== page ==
Bill Cosby Prepares For Sexual Assault Trial And Comedy Comeback

“It’s not really about design or style. It doesn’t start there. It starts with the way you live and an architecture that supports or even advances in the way you communicate and the rituals you have in your day-to-day life.”
Modern House Built After Bulldozing Ray Bradbury’s Home Nearly Done; A Metal Screen With Bradbury Quotes Among Its Irksome Features

“Over the years it’s gotten more and more accepted, and – I don’t know, can you make all your money back just showing on TV every Mother’s Day? That’s where it ended up.”
John Waters On Serial Mom

“Too much alcohol and a lot of money.”
Oz Billionaire James Packer Cashes Out On RatPac And H’wd

“There was a privacy to Martha. She was always more interested in talking about you. She had the greatest curiosity of any theater person I have ever known. For her friends and for her community, for all of us who loved her so much, this is a loss beyond the tragic.”
Chris Jones On Martha Lavey

“In addition to her remarkable physical beauty — to the pure, luminous symmetry of her form and face, and her wonderfully lively eyes — there was her strong, distinctive wide-ranging voice. And then there was the knockout punch — her intellect, and her stunning capacity for analysis, and her drive to understand  things on the deepest level.”
Former Steppenwolf Theatre Artistic Director Of Twenty Years Martha Lavey Was 60

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“One of my favorite things in watching any performance on film is when there isn’t a lot of cutting going on and when you get a chance to become really absorbed in the artist in hand. The same way we do, hopefully, at a concert, when we get a chance to really trip in to something that’s happening on stage. Whether the singer’s singing, or one of the other musicians is playing, we sort of stay there instead of cutting round with our eyes a lot.”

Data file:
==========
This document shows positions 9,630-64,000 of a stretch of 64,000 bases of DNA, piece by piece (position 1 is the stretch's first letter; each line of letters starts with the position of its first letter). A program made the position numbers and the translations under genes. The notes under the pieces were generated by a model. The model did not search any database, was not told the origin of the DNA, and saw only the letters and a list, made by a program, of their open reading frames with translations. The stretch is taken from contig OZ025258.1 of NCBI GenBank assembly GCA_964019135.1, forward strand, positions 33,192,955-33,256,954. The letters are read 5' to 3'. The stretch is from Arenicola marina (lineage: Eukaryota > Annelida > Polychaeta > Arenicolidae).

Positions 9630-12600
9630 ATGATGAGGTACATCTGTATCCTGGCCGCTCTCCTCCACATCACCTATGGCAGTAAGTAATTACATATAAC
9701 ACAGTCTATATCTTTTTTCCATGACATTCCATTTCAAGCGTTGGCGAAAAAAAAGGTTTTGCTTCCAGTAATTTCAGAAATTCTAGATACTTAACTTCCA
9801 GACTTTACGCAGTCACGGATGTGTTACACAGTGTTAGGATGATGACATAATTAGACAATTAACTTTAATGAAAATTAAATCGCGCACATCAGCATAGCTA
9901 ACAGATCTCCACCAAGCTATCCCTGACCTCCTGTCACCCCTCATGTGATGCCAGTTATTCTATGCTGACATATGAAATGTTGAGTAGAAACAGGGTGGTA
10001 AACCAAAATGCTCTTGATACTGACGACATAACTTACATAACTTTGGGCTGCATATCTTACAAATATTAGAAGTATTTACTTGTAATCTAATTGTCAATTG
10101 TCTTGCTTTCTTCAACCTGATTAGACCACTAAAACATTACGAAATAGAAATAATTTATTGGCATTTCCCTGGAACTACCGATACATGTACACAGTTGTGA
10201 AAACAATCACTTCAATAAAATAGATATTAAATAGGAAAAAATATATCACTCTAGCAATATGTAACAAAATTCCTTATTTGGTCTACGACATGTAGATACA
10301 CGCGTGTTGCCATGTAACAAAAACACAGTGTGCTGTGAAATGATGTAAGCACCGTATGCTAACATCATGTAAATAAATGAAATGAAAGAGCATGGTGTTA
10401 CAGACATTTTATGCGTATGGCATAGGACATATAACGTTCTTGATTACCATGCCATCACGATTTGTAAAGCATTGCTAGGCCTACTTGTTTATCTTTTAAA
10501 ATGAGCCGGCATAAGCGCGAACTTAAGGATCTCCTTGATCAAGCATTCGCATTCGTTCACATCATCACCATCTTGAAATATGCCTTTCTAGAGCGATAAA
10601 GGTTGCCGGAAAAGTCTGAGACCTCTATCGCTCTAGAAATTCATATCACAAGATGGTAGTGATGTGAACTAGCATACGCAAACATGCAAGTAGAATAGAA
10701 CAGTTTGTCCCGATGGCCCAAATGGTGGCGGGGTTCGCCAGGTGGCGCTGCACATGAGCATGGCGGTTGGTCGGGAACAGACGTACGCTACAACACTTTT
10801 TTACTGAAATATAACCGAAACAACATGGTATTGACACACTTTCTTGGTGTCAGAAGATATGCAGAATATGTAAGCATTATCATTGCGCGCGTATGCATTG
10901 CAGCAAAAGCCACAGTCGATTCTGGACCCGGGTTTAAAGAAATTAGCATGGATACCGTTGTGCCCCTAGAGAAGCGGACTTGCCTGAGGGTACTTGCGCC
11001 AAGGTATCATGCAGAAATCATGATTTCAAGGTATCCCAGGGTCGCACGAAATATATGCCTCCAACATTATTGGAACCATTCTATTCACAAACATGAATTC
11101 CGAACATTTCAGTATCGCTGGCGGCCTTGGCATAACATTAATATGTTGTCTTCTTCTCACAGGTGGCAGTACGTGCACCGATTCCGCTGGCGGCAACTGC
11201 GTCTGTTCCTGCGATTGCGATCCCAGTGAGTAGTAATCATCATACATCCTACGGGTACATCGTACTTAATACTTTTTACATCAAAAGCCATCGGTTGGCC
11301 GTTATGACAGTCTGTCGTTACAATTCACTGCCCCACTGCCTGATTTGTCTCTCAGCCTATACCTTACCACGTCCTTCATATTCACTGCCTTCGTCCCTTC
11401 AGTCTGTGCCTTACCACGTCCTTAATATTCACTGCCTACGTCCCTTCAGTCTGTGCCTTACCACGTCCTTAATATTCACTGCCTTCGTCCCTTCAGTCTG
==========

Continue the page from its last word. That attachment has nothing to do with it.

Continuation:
~ Jonathan Demme

“We’ve talked about this before in the past, my obsession with the Shakespearean histories having the ideal combination of the sweet and the sour. In ‘Henry IV, Part II’ which we’ve discussed before, in the end of that story it’s very complex and haunting because Prince Hal becomes Henry the King, and he has transcended his hoodlum days and at the ceremony is Falstaff, his good friend with whom he has really fucked around and been a loser with, and Falstaff comes up to him and says, ‘Now that you’re king we can really party,’ and the king famously says, ‘I know thee not, old man.’ It becomes Henry IV’s anointment and Falstaff’s catastrophe. That’s life. I have experienced very little unfettered triumph. There are moments, such as when my children are born, but even that comes with new fears and anxieties. In a sense the better you can communicate that life is both at once, the more powerful over time something becomes. One strives for something where the threads are there because it lasts in way that is very palpable. The idea of a tragedy is powerful in literature and theater, but in cinema it doesn’t work, certainly not commercially, and less so critically. Why is that? I think it has to do with how movies are so close to us.”
~ James Gray